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Back Environment The News Huhne blasts critics of renewable energy as RHI gets go-ahead

Huhne blasts critics of renewable energy as RHI gets go-ahead

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Chris Huhne and Greg Barker today reiterated the Government's commitment to renewable energy, highlighting especially how many jobs it is helping to create.

Energy Secretary Chris Huhne addressed the RenewableUK annual conference in Manchester, where WWF has launched a report which demonstrates how Britain could meet between 60 and 90% of its electricity demand from renewable sources by 2030.

And in London, Energy Minister Greg Barker announced that state aid approval has been granted by the European Commission for the Renewable Heat Incentive (RHI), enabling it to be launched for commercial purposes.



The E.C. had expressed concern that the large biomass tariff was set too high.

It has now been reduced from 2.7p per KWh to 1p per KWh.

Revised regulations have been re-laid in Parliament and it is hoped the scheme will be open to applications by the end of November 2011, subject to Parliamentary approval.
9,000 new jobs in one yearChris Huhne, in his speech, countered critics of renewable energy (members of his audience will no doubt have their own ideas on whom he means) by saying that its technologies will deliver a third industrial revolution "every bit as profound as the first two".

“We are not going to save our economy by turning our back on renewable energy," he said.
“At a time when closures and cuts dominate the news cycle, next-generation industries are providing jobs and sinking capital into Britain."
He promised that the UK "will be the largest market in Europe for offshore wind” and highlighted the £1.7billion investment in renewable energy and over 9,000 jobs created just this year.

Wind developers need to get their act togetherRenewableUK yesterday published figures at the conference showing that over the first half of this year onshore wind output was up 64% from 2.97TWh to 4.86TWh, whilst offshore rose even further, up 87% from 1.13TWh to 2.11TWh.

On 30th June 2011, 5,560MW of wind capacity was operational in the UK, with 3,615MW under construction.

A further 5,437MW was consented and awaiting construction, giving a grand total of 14,612MW consented, under construction or operational.
A further 9,084MW remain in the planning system awaiting determination.

This figure is slightly down from 9,174MW in the system at the end of 2010 and 9,299MW at the end of 2009.

But whereas consents for new wind capacity is rising, that for onshore wind has almost flatlined in the last four years due to problems at the planning stage.
Approvals for projects have reached an all-time low of 42%. English planning authorities are the most restrictive, approving only 26% of applications.

Developers have been their own worst enemies in many cases, the research shows, with holdups being caused by them not ensuring the project's commercial viability (17%), not selling projects (14%), objections due to interference with civil radar (14%), and grid connection problems (14%).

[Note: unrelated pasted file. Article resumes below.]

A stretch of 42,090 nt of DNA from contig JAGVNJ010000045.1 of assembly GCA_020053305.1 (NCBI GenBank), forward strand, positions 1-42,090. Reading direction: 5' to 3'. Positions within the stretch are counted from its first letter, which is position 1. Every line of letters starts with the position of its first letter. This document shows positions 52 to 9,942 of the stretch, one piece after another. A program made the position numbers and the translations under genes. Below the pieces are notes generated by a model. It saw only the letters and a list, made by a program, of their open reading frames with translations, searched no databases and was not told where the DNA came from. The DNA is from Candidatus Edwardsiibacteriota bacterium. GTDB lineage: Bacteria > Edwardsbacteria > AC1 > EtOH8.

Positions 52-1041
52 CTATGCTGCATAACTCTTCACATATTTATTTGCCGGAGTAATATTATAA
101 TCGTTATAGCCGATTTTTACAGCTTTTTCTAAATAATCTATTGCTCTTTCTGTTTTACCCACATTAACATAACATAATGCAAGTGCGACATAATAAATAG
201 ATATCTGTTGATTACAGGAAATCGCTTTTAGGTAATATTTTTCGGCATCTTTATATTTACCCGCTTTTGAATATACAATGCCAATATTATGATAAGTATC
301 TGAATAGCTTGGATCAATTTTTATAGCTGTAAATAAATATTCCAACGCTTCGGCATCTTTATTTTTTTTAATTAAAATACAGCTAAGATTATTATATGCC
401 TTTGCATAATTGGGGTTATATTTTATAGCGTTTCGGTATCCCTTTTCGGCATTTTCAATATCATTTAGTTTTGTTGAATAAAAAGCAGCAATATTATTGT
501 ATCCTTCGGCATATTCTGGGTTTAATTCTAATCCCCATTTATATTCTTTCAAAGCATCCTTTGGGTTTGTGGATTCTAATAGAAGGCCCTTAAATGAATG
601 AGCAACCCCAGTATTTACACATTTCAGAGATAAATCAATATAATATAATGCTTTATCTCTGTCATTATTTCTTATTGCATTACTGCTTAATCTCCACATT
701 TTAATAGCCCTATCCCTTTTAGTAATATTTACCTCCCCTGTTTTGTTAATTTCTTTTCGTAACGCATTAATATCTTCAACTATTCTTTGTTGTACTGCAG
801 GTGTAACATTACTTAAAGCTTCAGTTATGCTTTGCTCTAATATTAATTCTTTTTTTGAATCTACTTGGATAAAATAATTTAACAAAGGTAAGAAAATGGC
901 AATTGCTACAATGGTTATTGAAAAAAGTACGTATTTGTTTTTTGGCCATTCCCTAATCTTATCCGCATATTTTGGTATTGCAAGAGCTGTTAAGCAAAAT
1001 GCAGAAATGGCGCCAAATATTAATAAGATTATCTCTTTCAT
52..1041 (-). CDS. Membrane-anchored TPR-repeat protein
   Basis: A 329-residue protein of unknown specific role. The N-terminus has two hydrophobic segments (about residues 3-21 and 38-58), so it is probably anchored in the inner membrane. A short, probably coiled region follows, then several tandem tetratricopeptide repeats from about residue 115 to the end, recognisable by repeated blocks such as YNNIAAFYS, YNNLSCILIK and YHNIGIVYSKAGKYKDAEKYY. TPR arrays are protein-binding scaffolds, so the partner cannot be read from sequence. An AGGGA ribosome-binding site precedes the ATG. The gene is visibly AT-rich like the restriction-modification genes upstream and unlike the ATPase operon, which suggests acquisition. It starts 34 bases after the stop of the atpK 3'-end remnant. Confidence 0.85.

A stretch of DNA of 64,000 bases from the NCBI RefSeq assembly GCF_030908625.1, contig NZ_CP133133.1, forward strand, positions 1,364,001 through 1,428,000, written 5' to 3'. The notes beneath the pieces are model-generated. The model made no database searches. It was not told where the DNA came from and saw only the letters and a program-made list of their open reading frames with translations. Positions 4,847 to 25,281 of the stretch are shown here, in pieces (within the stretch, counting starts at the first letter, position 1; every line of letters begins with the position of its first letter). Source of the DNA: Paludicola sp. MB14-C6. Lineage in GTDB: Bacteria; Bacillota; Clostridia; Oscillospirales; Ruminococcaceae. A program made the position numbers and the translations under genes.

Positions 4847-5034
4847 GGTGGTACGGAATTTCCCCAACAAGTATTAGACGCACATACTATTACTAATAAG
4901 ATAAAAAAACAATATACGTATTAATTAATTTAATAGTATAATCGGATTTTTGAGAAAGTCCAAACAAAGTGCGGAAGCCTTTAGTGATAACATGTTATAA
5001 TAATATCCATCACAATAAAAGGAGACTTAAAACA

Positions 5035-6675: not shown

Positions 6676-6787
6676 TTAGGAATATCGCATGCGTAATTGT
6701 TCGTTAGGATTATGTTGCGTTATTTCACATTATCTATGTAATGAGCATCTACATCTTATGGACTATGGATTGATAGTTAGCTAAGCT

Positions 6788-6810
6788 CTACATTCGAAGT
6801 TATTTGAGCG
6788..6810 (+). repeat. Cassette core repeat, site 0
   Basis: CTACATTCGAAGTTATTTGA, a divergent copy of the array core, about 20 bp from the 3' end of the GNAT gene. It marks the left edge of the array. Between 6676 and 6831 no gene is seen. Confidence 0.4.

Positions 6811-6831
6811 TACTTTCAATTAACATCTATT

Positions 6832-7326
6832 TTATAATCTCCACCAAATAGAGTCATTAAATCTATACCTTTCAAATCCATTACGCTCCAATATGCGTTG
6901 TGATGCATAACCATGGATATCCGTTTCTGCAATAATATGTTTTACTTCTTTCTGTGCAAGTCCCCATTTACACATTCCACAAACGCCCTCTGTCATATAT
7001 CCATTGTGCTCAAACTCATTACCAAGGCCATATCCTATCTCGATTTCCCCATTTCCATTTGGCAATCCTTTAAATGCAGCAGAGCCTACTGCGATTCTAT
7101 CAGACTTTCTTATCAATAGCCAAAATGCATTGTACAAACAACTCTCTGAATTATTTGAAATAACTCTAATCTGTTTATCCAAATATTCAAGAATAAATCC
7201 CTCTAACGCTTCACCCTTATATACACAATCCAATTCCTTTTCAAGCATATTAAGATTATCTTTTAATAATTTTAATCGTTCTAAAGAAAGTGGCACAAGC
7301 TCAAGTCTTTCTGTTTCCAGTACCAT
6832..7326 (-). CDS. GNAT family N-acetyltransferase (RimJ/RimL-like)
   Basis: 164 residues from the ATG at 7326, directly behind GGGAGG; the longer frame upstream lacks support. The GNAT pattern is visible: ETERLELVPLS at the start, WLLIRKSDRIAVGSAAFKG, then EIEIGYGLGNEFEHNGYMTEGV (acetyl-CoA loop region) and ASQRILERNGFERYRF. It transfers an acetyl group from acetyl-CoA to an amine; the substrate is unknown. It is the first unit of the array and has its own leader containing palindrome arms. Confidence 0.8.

Problems with projects already operational and in construction include selling the projects after consent (26%), supply line issues with sourcing turbines (21%), intractable planning conditions (13%) and access route difficulties.

All of this points to developers needing to engage communities and do their homework better.

Offshore, the figures show that the UK may struggle to fulfil new orders in four years' time as the yearly growth in UK offshore wind farms is expected to double between 2015 and 2016.

Annual offshore wind deployment will rise to 1.2 gigawatts (GW) in 2012 and exceed 2.5 GW in 2016, after a forecast drop in activity in 2013-14 due to a lack of consented projects.

Bloomberg New Energy Finance’s analysis of offshore finance suggests that a further 3.67GW of offshore wind will be commissioned over 2012-15, requiring £13.6bn in investment.

WWF's six low carbon futuresThe WWF report, prepared by GL Garrad Hassan (GL GH), portrays six potential future scenarios about the sourcing of the UK’s electricity in 2030.

They all achieve the near decarbonisation of the power sector without new nuclear power but differ according to the level of electricity demand and the use of different methods for ensuring system security.

In all cases, there would be ambitious increases in electric vehicles (EVs) and electric heating.

The more ambitious scenarios require more substantial energy efficiency and behavioural change to reduce demand.

WWF says that the core scenarios show that it is perfectly feasible to develop a stable and secure electricity system where renewables deliver at least 60% of the UK’s electricity demand by 2030.

This percentage is much higher than the 40% share suggested by the Government's Committee on Climate Change in its May 2011 Renewable Energy Review, which assumes the need for new nuclear power.

Gas, including the use of carbon capture and storage (CCS), and greater interconnection provide the rest of the UK’s electricity under these core scenarios.

Reducing demand further in the more ambitious scenarios would actually make the transition cheaper by cutting the capital costs of building new generation capacity by around £40bn by 2030.

The report was welcomed by Siemens, whose director for Business Development, Sustainability and Government Affairs, Michael Rolls, said it "highlights the need for strong stable policies to drive investment, stimulating the green economy and bringing skilled manufacturing, construction and service jobs to the UK.”

Gavin Neath, Unilever's senior vice president of Sustainability, also praised the report, saying that "reaching such a goal will not just be good for business but it will be absolutely essential if we are to retard the speed of accelerating climate change".